First published, October 27, 2002 – BBC
LEAD-IN: Sierra Leone’s biggest opposition party in parliament, the All People’s Congress (APC), is in trouble. The party lost both presidential and parliamentary elections in May this year to President Kabbah’s SLPP, gaining barely 27 out of 120 seats in parliament. Now some expelled members of the APC have taken the party to court, challenging the leadership of Ernest Koroma, who was the presidential candidate. Lansana Fofana reports from Freetown.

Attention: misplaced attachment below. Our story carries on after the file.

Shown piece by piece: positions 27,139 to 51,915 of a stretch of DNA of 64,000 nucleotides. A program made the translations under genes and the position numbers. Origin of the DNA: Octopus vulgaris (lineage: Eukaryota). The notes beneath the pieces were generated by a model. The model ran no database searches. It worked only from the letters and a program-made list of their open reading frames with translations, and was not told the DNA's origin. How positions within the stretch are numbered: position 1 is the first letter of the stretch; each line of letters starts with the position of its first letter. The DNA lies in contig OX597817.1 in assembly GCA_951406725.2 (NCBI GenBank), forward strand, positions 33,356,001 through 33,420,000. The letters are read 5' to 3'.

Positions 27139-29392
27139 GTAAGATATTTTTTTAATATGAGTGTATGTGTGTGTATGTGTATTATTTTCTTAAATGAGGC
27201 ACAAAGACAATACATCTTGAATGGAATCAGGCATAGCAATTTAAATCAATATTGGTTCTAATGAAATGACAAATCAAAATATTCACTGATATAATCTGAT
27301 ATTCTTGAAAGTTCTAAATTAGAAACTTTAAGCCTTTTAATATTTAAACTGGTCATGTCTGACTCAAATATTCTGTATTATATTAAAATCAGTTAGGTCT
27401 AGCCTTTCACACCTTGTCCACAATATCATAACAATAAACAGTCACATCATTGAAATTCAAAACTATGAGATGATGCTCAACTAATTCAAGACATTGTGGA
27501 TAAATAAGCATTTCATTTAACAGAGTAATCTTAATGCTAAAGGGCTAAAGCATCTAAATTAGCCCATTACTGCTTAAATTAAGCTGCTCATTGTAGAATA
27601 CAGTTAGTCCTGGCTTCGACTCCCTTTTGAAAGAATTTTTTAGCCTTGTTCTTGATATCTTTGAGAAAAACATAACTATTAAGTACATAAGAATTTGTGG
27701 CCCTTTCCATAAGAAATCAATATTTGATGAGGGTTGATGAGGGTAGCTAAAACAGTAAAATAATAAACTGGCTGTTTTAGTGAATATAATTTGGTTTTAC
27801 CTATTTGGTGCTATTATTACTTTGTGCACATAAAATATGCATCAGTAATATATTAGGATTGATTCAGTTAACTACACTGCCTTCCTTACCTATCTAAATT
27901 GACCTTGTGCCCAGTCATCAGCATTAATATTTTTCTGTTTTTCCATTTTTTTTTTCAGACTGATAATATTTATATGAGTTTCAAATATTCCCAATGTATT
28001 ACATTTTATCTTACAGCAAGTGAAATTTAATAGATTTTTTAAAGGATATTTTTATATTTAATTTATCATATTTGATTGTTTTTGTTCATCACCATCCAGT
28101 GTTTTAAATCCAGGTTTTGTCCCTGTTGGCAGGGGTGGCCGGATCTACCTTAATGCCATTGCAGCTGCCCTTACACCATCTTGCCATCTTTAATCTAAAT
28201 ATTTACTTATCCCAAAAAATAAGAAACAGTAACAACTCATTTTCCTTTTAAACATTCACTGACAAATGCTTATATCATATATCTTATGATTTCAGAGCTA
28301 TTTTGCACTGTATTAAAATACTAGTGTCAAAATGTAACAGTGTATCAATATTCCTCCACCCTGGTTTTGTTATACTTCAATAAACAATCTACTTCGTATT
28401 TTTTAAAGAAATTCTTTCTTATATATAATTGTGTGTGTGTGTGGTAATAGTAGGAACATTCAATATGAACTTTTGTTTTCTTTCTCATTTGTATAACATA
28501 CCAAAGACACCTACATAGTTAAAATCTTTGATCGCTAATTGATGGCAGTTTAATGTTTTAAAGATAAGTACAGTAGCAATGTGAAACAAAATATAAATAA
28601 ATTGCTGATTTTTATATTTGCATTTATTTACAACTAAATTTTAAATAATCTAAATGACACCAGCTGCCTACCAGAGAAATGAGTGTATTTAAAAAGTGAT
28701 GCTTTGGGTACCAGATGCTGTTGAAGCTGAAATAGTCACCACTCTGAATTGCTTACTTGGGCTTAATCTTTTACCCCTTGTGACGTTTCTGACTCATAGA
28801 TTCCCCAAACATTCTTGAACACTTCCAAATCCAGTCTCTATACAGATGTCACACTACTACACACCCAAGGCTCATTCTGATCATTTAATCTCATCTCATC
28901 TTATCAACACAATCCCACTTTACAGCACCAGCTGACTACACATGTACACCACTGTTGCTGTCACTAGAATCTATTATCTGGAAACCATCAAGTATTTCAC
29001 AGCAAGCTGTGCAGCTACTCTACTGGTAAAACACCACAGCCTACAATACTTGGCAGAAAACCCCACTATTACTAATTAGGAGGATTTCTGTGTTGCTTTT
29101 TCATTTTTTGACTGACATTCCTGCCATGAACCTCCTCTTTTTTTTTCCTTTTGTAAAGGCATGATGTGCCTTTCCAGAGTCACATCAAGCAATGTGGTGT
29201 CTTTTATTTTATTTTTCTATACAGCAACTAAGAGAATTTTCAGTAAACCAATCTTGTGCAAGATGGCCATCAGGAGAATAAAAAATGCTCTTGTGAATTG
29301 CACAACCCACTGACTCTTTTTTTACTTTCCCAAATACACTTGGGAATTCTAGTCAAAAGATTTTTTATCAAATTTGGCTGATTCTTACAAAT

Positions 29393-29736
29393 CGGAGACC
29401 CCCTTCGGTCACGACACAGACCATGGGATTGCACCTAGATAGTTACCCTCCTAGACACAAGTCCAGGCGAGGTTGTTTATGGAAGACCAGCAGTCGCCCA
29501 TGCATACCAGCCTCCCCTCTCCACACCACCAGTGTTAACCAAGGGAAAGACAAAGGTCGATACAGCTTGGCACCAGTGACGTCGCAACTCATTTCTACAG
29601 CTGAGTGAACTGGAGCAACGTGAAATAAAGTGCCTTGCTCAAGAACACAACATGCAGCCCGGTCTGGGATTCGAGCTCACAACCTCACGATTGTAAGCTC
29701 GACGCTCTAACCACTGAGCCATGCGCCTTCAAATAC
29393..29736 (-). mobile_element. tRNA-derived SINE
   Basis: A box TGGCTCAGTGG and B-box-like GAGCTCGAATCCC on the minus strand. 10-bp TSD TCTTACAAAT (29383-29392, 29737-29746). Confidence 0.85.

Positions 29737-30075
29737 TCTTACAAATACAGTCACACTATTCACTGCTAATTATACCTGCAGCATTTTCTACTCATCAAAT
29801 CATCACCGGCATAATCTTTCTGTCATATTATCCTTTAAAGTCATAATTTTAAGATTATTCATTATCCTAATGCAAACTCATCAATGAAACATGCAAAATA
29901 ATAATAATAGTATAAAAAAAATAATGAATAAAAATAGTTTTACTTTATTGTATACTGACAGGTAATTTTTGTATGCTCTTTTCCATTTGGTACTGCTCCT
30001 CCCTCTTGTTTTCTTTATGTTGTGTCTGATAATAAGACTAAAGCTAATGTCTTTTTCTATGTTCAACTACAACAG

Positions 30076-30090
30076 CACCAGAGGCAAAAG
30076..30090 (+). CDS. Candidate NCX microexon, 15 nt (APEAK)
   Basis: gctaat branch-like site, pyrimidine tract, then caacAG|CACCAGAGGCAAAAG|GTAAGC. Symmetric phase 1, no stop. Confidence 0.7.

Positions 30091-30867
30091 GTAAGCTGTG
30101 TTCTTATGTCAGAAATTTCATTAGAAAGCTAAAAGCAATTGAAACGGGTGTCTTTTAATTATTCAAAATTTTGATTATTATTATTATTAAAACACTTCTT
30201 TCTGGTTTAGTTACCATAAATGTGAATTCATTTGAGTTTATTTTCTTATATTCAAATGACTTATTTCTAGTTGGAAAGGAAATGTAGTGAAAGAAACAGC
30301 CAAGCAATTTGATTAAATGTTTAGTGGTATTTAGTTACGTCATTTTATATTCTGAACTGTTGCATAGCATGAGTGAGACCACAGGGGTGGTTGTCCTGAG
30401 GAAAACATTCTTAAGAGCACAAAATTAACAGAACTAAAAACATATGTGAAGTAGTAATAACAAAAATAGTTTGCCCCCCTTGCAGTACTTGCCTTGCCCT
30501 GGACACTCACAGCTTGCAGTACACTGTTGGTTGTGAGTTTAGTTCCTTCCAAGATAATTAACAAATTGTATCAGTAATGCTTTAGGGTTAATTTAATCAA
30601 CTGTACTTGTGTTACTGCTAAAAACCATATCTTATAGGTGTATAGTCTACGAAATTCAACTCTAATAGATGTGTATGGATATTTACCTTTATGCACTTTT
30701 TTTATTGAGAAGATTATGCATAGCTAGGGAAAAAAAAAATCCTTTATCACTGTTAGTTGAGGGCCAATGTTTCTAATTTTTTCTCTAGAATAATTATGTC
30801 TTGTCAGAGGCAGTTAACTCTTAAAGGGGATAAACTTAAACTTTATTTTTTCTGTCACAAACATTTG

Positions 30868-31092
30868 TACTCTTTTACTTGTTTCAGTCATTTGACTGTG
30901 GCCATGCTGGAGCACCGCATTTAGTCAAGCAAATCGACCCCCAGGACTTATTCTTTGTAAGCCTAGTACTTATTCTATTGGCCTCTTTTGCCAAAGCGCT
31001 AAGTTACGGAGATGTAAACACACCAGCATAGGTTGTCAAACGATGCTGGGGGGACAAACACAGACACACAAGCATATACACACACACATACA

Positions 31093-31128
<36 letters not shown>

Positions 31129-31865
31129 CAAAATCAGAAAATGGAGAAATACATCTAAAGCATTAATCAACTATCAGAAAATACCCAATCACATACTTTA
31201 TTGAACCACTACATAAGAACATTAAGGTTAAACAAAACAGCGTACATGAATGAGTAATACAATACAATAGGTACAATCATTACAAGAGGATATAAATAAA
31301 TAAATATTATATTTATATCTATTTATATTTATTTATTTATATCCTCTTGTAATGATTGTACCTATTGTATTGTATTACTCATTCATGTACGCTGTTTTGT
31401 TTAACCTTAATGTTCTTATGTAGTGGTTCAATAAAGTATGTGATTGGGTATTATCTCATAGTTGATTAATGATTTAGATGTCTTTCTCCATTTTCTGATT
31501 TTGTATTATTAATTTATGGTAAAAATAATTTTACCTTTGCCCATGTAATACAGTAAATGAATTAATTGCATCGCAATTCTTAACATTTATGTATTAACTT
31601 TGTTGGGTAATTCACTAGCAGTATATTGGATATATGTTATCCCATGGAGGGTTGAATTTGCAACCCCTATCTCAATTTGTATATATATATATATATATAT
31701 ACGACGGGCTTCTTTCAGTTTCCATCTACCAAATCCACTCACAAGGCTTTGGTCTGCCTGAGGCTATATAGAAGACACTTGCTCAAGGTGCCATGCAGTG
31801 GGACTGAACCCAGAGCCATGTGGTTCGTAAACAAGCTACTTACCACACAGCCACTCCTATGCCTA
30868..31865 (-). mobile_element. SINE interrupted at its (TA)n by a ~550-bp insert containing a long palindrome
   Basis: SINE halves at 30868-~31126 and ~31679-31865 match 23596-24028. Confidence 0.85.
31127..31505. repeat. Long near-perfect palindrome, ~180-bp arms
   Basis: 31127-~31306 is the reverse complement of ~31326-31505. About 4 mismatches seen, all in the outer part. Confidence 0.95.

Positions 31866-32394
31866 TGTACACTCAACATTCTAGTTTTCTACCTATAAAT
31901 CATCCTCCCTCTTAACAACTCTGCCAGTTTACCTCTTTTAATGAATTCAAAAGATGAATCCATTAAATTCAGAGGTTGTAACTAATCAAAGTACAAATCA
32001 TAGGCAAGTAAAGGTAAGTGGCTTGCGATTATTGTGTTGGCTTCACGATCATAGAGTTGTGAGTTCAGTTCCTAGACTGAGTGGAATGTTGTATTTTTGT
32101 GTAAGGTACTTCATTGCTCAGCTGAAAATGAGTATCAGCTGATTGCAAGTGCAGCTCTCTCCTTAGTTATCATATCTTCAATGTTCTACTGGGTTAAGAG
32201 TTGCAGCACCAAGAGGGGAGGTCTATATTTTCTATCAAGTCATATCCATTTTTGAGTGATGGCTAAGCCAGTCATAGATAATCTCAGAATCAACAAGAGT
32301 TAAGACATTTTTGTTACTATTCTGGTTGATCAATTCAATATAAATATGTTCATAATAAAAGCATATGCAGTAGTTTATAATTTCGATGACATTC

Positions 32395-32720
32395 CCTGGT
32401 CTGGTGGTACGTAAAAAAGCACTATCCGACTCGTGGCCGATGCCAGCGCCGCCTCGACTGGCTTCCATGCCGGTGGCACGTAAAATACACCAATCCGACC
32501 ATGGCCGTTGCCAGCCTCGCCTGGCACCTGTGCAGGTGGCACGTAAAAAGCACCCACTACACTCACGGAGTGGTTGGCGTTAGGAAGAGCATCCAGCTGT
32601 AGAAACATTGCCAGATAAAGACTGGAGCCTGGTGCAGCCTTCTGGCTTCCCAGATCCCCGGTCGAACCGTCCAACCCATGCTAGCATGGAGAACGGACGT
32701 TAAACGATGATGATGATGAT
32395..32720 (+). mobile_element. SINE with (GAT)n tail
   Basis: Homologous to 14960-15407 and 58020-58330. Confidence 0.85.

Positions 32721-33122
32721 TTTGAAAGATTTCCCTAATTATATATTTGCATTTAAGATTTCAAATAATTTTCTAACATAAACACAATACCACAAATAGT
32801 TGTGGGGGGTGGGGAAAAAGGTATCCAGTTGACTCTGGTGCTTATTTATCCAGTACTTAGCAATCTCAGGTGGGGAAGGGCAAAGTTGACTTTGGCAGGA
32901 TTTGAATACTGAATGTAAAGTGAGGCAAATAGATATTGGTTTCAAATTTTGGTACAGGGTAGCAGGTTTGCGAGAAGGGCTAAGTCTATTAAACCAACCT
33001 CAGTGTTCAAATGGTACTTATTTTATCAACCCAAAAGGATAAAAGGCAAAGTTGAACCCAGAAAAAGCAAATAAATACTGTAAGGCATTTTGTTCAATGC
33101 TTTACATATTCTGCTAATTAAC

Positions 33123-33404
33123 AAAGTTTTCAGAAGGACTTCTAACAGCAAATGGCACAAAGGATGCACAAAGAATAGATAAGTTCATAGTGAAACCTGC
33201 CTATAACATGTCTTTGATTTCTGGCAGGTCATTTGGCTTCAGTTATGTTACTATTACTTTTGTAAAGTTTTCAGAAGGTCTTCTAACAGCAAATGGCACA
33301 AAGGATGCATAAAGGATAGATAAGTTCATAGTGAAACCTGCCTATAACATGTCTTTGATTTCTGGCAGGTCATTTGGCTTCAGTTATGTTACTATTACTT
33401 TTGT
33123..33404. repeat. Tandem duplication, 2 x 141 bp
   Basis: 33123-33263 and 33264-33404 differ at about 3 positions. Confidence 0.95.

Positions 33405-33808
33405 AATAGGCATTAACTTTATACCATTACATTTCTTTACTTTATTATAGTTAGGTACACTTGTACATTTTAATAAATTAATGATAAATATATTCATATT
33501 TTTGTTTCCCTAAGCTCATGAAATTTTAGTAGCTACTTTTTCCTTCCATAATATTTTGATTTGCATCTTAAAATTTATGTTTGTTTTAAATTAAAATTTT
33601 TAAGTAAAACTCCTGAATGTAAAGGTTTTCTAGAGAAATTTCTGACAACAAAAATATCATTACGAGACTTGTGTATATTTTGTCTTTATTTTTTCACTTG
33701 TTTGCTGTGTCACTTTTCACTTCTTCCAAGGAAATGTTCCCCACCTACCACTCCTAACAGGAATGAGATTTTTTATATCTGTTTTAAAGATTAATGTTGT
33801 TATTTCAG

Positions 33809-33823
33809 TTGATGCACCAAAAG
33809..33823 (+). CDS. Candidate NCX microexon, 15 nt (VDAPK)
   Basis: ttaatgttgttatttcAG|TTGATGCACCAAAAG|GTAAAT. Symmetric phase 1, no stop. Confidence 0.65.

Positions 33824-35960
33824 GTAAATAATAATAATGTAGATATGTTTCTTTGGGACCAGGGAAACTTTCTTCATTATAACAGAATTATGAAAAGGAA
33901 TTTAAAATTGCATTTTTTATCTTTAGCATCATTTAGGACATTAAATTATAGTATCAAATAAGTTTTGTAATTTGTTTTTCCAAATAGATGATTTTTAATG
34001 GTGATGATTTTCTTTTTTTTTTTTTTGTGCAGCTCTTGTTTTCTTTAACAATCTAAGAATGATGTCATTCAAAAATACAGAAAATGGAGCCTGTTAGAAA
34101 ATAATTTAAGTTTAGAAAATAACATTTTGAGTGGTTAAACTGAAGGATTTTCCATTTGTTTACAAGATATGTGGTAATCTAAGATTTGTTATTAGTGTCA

FOFANA: Sierra Leone’s highest court of law, the Supreme Court, now has before it a matter involving four senior officials of the All People’s Congress or APC, including the party’s presidential contender, Ernest Koroma. The action was taken by some party officials who have now all been expelled, just inviting further chaos in the biggest opposition party in parliament. A statement released to the press by the dissident faction of the party said they are challenging Mr Koroma’s claim to the party leadership and another official, Chukuma Johnson, as chairman, as well as the alleged move to change the party’s constitution. Both men are now members of parliament, but the plaintiffs say they acted in ways contrary to the party’s original constitution. The press release added that Mr Koroma and some of his supporters drafted a new constitution giving themselves huge powers without referring to the general membership at a delegates conference. Whatever the outcome of the case in the Supreme Court, the factional bickering within the APC spells a bad political omen for the country’s biggest opposition in parliament. And coming barely five months after presidential and general elections were conducted, many observers believe the APC is preparing for its own disintegration. The party was again in court before the May 14 election over leadership squabbles. And for a party which ruled the country for 24 uninterrupted years and has so much to do to repair its battered image of alleged corruption and bad governance, it is time it put its house in order before the next elections in 2007.